Journal: Yonsei Med. J.. 2017 Nov;58(6):1237-1240.

 

Left atrial appendage (LAA) occlusion can be employed as an alternative treatment to oral anticoagulation in patients with atrial fibrillation to prevent embolic events. Atrial septal defect (ASD) may be related with right heart dysfunction and allow paradoxical embolism to occur. ...

Last Updated: 31 Dec 1969

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Reviews from the PubMed Database

Review articles summarize what is currently known about a disease. They discuss research previously published by others.
The terms "Atrial Septal Defect" returned 16 free, full-text review articles on human participants. First 3 results:

Atrial septal defect closure with left ventricular dysfunction.
 

Author(s): Victor-Xavier Tadros, Anita W Asgar

Journal: EuroIntervention. 2016 May;12 Suppl X():X13-X17.

 

Atrial septal defects are one of the most common congenital heart diseases in adults that may result in significant left to right shunt. Secundum atrial septal defects can remain unrecognised until adult age and cause haemodynamic changes with or without symptoms. Transcatheter ASD ...

Last Updated: 31 Dec 1969

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Familial Atrial Septal Defect and Sudden Cardiac Death: Identification of a Novel NKX2-5 Mutation and a Review of the Literature.
 

Author(s): Sabrina Gade Ellesøe, Morten Munk Johansen, Jesper Vandborg Bjerre, Vibeke Elisabeth Hjortdal, Søren Brunak, Lars Allan Larsen

Journal: Congenit Heart Dis. 2016 May;11(3):283-90.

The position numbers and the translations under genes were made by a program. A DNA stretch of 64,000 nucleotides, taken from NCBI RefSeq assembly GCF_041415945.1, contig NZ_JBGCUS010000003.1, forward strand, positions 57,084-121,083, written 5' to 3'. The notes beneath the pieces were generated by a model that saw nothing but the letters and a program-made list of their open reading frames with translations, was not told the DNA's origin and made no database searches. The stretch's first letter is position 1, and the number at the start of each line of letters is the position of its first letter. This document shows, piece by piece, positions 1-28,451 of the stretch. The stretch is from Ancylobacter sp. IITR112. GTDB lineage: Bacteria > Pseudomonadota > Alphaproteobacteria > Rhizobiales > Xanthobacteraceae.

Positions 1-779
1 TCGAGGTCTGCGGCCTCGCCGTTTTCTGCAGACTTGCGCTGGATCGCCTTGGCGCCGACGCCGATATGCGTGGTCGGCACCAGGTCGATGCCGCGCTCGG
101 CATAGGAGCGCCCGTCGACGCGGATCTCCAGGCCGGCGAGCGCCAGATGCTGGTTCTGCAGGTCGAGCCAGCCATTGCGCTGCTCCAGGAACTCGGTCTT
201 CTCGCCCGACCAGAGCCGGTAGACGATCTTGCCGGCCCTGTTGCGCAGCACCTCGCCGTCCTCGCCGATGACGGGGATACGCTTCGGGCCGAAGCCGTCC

Atrial septal defect (ASD) is the second most common congenital heart defect (CHD) and is observed in families as an autosomal dominant trait as well as in nonfamilial CHD. Mutations in the NKX2-5 gene, located on chromosome 5, are associated with ASD, often combined with conduction ...

Last Updated: 31 Dec 1969

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Giant, pedunculated right atrial thrombus formation after surgical atrial septal defect repair.
 

Author(s): Sayqa Arif, Dincer Aktuerk, David J Barron

Journal: J. Thorac. Cardiovasc. Surg.. 2015 Mar;149(3):e46-8.

 

Last Updated: 31 Dec 1969

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Clinical Trial Information This information is provided by ClinicalTrials.gov

Safety and Efficacy Study of Transcatheter Closure of Ostium Secundum ASDs
 

Status: Recruiting

Condition Summary: Atrial Septal Defect

 

Last Updated: 6 Mar 2018

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Efficacy of Three Dimensional Transesophageal Echocardiography for Percutaneous Device Closure in Atrial Septal Defect
 

Status: Recruiting

Condition Summary: Atrial Septal Defect; Successful Device Closure

 

Last Updated: 9 Jan 2018

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Utilization of Confocal Microscopy During Cardiac Surgery
 

Status: Recruiting

Condition Summary: Atrial Septal Defect

 

Last Updated: 3 Apr 2018